Whatever you can do, or think you can, do it. Boldness has genius, power and magic in it.

— Goethe

The inspiration for Phil’s “quest” (and I like that he terms it that way. Very Man of LaMancha ) is his little son, Charlie. How can you tell a child he can dream and become anything if you yourself have not experienced having a dream and pursuing it?

Some may feel that being 43 and trying to compete on a national level may be futile: It’s just too late.

Some may ask, why give up a successful career in sports marketing for such risk of failure and no guaranteed paycheck?

Some may scoff at someone who chooses to launch into a sport that is suffering. Sponsors are pulling out. The whole Tour centers on Tiger Woods.

  • I think Phil Bundy has more substance than a lot of young players. He’s seasoned. He’s mature. He’s already had more experiences to learn from, to draw from, to gain balance. He’s tested himself in competition. He’s calculated his odds.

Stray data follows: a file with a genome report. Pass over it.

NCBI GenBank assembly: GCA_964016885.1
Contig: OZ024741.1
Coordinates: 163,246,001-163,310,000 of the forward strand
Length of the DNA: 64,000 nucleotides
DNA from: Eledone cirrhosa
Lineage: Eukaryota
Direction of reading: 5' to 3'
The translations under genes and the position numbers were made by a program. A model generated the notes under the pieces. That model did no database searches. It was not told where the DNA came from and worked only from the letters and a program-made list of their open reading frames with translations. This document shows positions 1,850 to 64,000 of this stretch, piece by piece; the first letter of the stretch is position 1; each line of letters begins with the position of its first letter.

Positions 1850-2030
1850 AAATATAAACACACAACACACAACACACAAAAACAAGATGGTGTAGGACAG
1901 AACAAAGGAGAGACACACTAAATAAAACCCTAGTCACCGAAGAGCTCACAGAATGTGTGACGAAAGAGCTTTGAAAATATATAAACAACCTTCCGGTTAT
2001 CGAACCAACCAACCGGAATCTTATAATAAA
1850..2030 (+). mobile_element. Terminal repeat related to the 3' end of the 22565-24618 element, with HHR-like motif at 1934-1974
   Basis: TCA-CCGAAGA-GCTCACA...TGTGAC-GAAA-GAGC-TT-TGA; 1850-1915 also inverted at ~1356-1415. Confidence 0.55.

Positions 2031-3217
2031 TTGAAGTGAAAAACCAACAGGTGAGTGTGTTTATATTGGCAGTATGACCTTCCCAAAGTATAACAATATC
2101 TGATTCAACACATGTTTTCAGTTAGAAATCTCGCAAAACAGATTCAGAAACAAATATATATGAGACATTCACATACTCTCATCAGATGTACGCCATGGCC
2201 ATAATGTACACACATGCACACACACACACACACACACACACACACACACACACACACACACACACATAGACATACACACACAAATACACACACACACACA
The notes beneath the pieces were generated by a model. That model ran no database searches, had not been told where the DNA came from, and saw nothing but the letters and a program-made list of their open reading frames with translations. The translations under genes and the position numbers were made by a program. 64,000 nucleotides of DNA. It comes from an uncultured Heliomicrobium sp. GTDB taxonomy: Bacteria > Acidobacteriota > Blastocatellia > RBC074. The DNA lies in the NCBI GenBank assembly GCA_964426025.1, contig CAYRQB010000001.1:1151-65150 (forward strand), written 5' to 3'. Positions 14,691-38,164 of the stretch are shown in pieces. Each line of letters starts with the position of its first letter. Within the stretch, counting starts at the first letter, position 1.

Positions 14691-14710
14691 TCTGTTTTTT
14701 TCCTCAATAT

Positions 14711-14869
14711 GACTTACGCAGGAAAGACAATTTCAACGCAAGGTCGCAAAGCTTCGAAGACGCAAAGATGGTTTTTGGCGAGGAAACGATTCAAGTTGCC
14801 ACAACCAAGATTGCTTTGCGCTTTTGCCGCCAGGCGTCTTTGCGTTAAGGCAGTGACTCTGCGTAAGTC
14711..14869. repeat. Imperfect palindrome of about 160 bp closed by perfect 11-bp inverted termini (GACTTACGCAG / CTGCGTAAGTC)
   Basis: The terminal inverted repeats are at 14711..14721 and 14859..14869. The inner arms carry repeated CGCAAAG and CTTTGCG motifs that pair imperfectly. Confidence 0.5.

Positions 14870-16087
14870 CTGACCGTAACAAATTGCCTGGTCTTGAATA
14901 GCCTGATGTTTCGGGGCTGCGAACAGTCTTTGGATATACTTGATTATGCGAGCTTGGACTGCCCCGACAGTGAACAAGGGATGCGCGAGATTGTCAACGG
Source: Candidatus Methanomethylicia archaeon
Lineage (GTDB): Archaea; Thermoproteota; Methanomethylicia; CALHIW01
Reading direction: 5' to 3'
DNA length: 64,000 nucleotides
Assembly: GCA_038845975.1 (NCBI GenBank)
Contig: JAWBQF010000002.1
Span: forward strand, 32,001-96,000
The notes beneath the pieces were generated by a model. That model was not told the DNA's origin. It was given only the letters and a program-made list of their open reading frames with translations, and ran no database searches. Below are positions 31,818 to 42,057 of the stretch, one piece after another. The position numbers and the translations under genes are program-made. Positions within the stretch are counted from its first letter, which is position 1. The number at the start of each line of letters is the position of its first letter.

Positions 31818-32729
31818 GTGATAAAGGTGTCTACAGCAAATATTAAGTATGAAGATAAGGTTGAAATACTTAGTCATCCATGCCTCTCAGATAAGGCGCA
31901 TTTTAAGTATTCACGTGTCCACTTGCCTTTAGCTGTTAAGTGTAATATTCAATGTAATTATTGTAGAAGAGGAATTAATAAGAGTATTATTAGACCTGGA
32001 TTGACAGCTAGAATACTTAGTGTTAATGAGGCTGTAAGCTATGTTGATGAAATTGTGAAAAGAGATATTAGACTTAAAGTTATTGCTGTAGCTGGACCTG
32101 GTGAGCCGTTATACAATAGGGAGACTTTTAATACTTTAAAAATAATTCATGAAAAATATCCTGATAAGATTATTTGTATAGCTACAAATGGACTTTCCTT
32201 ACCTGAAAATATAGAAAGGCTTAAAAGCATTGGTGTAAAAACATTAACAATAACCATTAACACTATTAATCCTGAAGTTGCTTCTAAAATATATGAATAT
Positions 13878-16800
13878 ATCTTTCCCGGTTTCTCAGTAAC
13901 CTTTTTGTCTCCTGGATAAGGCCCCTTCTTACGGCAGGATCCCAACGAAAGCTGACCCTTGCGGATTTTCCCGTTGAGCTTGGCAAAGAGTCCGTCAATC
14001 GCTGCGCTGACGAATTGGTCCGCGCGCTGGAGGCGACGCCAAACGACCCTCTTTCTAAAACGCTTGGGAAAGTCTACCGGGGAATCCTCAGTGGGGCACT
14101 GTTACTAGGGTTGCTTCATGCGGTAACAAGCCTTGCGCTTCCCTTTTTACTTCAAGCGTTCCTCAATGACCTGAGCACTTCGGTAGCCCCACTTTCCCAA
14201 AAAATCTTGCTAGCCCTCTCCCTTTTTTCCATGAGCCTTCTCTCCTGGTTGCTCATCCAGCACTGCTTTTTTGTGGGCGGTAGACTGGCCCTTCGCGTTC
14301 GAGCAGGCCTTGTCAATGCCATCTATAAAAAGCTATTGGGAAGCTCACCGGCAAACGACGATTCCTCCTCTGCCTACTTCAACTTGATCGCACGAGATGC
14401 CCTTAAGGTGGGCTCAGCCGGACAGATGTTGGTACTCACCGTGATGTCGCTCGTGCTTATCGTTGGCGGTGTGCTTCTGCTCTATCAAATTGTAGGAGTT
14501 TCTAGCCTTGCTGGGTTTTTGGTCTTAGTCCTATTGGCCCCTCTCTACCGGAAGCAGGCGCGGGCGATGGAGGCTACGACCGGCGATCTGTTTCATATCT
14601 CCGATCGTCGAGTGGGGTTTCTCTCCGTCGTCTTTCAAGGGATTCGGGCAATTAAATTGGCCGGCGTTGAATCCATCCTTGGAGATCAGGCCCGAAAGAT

• He’s a person who believes in giving back. He’s demonstrated that in his work with junior golfers, and in the work he’s doing for his corporate partners.

The Tour life is unlikely to derail this man. He’s got his head on straight. He’s a thinking golfer — but one who knows not to let too much thinking paralyze his flow on the course. He uses words like “reflection” “perspective” and “feedback” in the tools he’s got in his game.

He’s a player that would be awesome in the press tent — eloquent, approachable and a hell of a story.

Most of all, maybe the magic and power in his quest is in inspiring his son — and thousands of others — to be bold and take a step toward whatever dream they have.

After all, Twitter creators — isn’t that what you did in the first place?